The “Report on the EU Roadmap against homophobia and discrimination on grounds of sexual orientation and gender identity” was presented on November 5 in the European Parliament’s Committee on Civil Liberties, Justice and Home Affairs (LIBE) and was adopted in committee this week (on December 17) with 40 MEPs in favour, 2 against, and 6 abstentions. MEP Ulrike Lunacek from the Green party in Austria — and who also serves as the Co-President of the European Parliament’s Intergroup on LGBT Rights — is the Rapporteur for this report. (Mrs. Lunacek was also one of the most outspoken promoters of the Estrela Report.)
The interests of a small but powerful lobby vs. equality for all
The Report asserts that LGBTI persons should have the same human rights as everyone else. This is an assertion that can be fully supported. The very purpose of human rights as laid down in the Universal Declaration of Human Rights, the European Convention and other international human rights documents is to grant a minimum level of protection of the integrity of every person because everyone has equal worth and dignity.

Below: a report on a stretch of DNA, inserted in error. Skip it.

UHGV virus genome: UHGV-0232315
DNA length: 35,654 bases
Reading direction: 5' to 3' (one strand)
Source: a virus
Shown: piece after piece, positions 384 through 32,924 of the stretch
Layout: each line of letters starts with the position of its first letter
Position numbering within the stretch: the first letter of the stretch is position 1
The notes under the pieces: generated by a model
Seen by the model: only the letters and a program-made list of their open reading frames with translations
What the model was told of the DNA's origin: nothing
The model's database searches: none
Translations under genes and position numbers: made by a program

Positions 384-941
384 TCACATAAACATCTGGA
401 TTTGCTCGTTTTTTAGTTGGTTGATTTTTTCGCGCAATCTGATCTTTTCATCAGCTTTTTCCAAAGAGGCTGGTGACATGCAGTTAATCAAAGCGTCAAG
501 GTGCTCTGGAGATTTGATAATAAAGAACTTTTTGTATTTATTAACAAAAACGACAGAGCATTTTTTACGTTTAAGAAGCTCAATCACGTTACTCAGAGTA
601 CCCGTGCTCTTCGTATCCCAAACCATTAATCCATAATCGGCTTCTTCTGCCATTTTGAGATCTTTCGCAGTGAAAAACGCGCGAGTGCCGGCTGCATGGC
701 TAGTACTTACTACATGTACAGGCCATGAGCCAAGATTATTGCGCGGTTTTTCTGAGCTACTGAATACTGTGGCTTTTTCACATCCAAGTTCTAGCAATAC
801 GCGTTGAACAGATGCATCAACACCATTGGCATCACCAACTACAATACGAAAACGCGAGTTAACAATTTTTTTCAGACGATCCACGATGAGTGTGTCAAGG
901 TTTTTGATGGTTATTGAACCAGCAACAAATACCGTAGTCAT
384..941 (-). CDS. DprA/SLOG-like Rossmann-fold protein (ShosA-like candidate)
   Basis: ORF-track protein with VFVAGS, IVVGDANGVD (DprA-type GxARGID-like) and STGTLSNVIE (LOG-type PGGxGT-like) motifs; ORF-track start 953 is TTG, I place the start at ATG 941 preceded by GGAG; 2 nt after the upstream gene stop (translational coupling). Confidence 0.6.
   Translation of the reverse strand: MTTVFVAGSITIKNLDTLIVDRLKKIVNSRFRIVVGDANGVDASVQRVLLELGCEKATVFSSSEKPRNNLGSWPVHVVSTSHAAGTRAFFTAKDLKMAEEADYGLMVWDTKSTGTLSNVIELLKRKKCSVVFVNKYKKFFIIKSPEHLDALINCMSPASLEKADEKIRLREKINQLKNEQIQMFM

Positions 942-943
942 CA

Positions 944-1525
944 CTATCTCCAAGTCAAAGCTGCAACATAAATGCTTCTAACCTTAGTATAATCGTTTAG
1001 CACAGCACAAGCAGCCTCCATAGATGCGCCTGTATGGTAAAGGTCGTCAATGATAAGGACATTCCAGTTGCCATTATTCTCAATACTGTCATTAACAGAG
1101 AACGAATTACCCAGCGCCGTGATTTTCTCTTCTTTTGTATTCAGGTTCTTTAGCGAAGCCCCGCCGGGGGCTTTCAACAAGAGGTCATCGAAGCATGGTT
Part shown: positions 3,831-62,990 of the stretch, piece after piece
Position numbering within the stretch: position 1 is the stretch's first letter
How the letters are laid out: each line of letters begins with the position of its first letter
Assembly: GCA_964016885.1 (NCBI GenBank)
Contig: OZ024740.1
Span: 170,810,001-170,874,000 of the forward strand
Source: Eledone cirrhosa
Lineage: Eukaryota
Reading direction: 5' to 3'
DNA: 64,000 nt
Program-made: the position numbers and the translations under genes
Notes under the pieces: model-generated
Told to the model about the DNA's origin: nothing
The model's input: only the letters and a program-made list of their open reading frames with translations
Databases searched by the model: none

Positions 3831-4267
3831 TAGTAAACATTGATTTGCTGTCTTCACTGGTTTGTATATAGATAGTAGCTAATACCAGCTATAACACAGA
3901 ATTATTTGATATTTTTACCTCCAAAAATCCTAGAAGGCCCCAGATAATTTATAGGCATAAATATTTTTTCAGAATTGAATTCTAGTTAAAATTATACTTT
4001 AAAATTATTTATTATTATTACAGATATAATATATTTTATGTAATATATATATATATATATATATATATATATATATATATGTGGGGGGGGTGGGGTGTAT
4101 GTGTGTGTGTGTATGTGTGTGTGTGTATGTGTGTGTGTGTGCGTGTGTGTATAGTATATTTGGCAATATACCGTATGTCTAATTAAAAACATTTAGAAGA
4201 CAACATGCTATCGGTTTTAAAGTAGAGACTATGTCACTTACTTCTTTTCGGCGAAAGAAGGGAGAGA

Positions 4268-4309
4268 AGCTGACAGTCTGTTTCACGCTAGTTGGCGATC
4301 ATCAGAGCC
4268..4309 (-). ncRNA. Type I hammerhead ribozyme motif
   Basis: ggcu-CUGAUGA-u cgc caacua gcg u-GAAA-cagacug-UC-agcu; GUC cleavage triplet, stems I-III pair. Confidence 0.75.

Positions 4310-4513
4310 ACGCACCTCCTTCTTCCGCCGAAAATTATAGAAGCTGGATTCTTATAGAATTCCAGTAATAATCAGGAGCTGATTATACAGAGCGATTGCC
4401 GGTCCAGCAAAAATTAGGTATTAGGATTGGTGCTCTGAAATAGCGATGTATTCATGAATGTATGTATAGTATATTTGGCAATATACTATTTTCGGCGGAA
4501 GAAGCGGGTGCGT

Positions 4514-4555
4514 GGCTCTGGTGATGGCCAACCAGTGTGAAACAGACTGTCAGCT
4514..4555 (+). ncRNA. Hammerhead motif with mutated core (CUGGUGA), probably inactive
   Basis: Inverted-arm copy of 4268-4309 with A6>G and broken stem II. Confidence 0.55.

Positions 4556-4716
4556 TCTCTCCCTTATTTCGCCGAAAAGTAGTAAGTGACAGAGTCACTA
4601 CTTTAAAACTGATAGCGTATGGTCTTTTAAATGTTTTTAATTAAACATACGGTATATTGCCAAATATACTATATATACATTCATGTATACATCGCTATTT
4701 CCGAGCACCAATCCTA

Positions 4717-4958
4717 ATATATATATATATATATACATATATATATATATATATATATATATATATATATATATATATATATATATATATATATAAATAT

However, while the universal application and validity of human rights for all — regardless of personal preferences, age, or any other property — needs to be defended in the EU, the Lunacek Report turns this fundamental equality upside down by claiming that specific LGBTI rights should now be considered human rights. This turns the universal validity of human rights into its exact opposite.
November 29th, 2013 Jill Posted in Human Rights Comments Off
by Steve Doughty, Mailonline
One of the country’s leading judges yesterday compared the behaviour of the European Court of Human Rights to the methods of Communist East Germany.
The human rights judges in Strasbourg say they are democratic but in reality they dictate the law, just like the communist bosses did, said Supreme Court Judge Lord Sumption.
In a sweeping attack on the way the court has been run, he said it was contributing to a ‘mundane and insidious’ decline of parliamentary powers and accused it of an Orwellian attempt to corrupt democracy.